The experience of Bell Labs, however, cannot be replicated because it is from an earlier era – one of big monopolies like Bell Telephone which, without competition, could afford to spend money and enormous amounts of time in basic research.  Bell did not tell the researchers at the Lab to come up with a laser, or the digital basis for communication.  It simply asked them to work within a general context – how to make communication faster, more efficient, and more economical.  From there, the workers were on their own. While the article does not spell out the innovative process at Google or Facebook, it suggests that it is more narrow, focusing on the smaller steps – e.g. a new phone app – than the larger, more fundamental and revolutionary changes to improve communications in ten years.

I am not so sure this is true.  Every day I read about computer ‘chips’ that are microns small.  Recently, a discovery was made that will enable one atom or a microscopic fragment of DNA to be today’s transistor.  These discoveries are not made in one, giant laboratory, but in university laboratories all over the United States. Innovation in basic research as well as in product design is now done by thousands of smaller institutions –start-ups and individual laboratories.  The market seems to be working well.  The research laboratories are working for profit – to be able to patent their new invention and realize royalties whenever their new discovery is used by Apple or Google. Start-ups work feverishly to outdo the competition for new product design and applications.  

While this narrows the focus of research facilities somewhat, and gives them a shorter time horizon, the end result appears to be the same.  The same is true for the product designers and manufacturers.  Apple, for example, recently upgraded its I-Phone.  This was not a product that would enable you to levitate – the quantum leap of technology sought by Bell Labs – but it did improve the camera, add advanced voice recognition software, and other features.  The voice software already existed as a Siri app, but the innovation of Apple was to integrate it into the I-Phone’s operating system.

Some of the other elements of Bell’s success are still important today, but in a different context. The functional link insisted upon by Kelly between ideas and things is still important, but Steve Job’s insistence on a glass screen, for example, heavier but better than a  plastic one that scratched easily – he almost instinctively understood the very nature of the device he had built and exactly how consumers used and valued it – was translated into a product within weeks by outsourced, inexpensive, disciplined, and tireless Chinese factory workers.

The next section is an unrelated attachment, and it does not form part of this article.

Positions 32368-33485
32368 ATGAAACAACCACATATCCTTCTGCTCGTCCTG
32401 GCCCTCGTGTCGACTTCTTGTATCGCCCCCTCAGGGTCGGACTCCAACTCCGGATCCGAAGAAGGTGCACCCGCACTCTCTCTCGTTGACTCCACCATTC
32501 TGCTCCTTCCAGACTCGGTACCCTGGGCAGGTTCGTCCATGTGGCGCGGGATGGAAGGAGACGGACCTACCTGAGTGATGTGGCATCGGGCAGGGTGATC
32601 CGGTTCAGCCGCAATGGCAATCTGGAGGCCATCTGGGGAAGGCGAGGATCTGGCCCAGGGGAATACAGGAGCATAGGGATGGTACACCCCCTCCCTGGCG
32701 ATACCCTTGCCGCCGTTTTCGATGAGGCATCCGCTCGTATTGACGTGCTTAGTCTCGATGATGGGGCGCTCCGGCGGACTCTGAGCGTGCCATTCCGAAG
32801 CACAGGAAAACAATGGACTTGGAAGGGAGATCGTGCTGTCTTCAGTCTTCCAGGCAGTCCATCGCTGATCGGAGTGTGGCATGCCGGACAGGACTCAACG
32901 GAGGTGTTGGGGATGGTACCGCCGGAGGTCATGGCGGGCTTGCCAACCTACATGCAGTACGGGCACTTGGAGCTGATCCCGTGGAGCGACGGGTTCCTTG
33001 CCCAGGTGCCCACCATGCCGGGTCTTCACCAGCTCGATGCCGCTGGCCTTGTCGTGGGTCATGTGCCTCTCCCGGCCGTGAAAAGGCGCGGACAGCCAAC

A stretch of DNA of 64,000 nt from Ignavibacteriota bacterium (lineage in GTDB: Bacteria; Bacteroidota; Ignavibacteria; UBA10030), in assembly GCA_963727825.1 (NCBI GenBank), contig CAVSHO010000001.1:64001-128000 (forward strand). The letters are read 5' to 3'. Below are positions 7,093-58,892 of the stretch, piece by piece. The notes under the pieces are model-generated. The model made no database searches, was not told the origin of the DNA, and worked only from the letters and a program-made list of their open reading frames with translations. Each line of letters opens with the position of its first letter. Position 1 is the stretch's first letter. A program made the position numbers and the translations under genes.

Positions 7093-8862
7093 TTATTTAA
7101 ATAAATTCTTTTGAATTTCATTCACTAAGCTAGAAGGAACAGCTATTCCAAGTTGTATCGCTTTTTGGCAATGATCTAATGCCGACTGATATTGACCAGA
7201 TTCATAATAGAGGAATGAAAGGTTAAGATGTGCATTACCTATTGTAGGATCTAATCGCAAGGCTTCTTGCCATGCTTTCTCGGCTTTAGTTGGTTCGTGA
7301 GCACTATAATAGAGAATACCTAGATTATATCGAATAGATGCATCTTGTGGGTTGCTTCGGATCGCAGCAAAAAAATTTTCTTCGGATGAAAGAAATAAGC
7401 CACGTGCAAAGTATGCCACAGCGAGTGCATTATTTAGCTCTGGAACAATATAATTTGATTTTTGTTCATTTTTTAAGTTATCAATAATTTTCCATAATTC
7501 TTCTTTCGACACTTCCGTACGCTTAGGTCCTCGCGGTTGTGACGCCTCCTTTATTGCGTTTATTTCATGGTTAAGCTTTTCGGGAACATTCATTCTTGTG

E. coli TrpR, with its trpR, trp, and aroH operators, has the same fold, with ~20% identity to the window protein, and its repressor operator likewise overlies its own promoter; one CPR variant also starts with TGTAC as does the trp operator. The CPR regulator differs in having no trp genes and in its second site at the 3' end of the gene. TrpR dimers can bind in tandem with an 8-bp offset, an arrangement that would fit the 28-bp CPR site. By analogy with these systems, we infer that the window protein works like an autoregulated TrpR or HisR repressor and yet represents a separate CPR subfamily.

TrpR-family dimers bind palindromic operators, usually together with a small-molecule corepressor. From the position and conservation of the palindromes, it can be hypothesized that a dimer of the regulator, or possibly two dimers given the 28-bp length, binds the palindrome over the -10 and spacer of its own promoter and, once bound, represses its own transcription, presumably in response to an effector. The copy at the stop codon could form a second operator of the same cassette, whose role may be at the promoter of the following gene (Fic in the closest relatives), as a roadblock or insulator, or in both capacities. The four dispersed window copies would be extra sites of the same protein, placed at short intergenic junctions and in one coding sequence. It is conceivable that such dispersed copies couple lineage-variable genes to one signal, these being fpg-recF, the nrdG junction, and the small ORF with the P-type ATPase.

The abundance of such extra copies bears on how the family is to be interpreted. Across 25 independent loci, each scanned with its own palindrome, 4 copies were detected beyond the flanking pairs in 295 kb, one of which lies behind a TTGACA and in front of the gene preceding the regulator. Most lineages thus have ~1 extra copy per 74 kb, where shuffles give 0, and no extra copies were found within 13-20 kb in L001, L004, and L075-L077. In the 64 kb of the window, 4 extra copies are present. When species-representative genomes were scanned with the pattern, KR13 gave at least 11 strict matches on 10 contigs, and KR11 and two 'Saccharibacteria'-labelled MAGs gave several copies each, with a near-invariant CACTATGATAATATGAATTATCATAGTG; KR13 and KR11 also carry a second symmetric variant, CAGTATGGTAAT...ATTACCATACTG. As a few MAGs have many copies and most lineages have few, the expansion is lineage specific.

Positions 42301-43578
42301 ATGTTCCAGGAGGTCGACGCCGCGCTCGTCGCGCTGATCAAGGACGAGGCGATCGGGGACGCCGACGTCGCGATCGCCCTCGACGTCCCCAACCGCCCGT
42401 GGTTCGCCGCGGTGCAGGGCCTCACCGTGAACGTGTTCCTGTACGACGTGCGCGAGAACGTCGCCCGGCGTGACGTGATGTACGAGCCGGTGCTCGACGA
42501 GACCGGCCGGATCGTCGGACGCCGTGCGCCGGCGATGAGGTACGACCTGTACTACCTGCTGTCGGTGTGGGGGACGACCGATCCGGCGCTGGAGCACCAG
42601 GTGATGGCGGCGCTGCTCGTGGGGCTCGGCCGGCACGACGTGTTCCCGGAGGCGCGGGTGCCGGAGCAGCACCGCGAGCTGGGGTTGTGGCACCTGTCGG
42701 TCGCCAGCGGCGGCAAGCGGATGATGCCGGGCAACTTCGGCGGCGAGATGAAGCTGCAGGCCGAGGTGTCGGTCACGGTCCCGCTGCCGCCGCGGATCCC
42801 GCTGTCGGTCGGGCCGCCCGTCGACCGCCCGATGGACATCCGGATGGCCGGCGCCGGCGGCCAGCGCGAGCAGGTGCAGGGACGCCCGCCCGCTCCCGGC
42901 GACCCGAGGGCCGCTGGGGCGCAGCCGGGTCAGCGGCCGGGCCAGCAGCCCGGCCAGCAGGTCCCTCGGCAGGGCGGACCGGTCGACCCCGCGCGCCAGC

Kelly’s argument for an integrated workplace is still valuable and the basic idea has been expanded, adapted and modified for a modern setting.  Not only are workplaces more integrated, but they are integrated across product lines. A variety of creative people  working on different ideas and products, but all in the innovative phase of thinking, are put in proximity.  Entrepreneurs have understood that the very process of innovation is critical and common to all, and that by sharing space and thinking, all design work will be enhanced. 

Kelly’s insistence on two-way flow of communication has been a staple of management for decades, but with limited success.  Kelly understood that actual face-to-face communication was not essential, but that communication between people in different areas of the world or different stages of the design or manufacturing process was essential.  We are adapting slowly to virtual communication links.  The live, ‘real’ handshake, and ‘look-‘em-in-the-eye’ mentality still persists, but economics if nothing else will force a change.

Innovation is such a fascinating subject because as President Obama has said in his recent State of the Union address: “Innovation is what America has always been about.” Over the last 100 years, America has been the uncontested leader in innovation in manufacturing, finance, technology and communications, among other important areas; and, despite the remarkable and revolutionary new ideas and products that come from America, the future may not be as productive. 

Our educational system, for example, is still mired in the 19th century.  Innovation, entrepreneurial thinking, and risk-taking are discouraged rather than encouraged.  Religious conservatism has held back what could have already been dramatic life-saving innovations in stem cell technology.  Public outcry over what critics consider the negative impact of genetically modified products has slowed innovation which could help feed the world.  The practical potential of the spectacular discoveries concerning DNA, such as the understanding of the human genome and recombinant DNA techniques, have been held in check because of 18th century conceptions of human nature and reason.  Human nature itself is not outside the reach of an engineered genome.

Innovation, therefore, is possible only when the most favorable environment is possible within our very diverse democratic society – where politics, religion, philosophy, organization, economics, and genius coincide.  This conjuncture is very uncommon; and that is why the increased attention paid to innovation is critical and essential.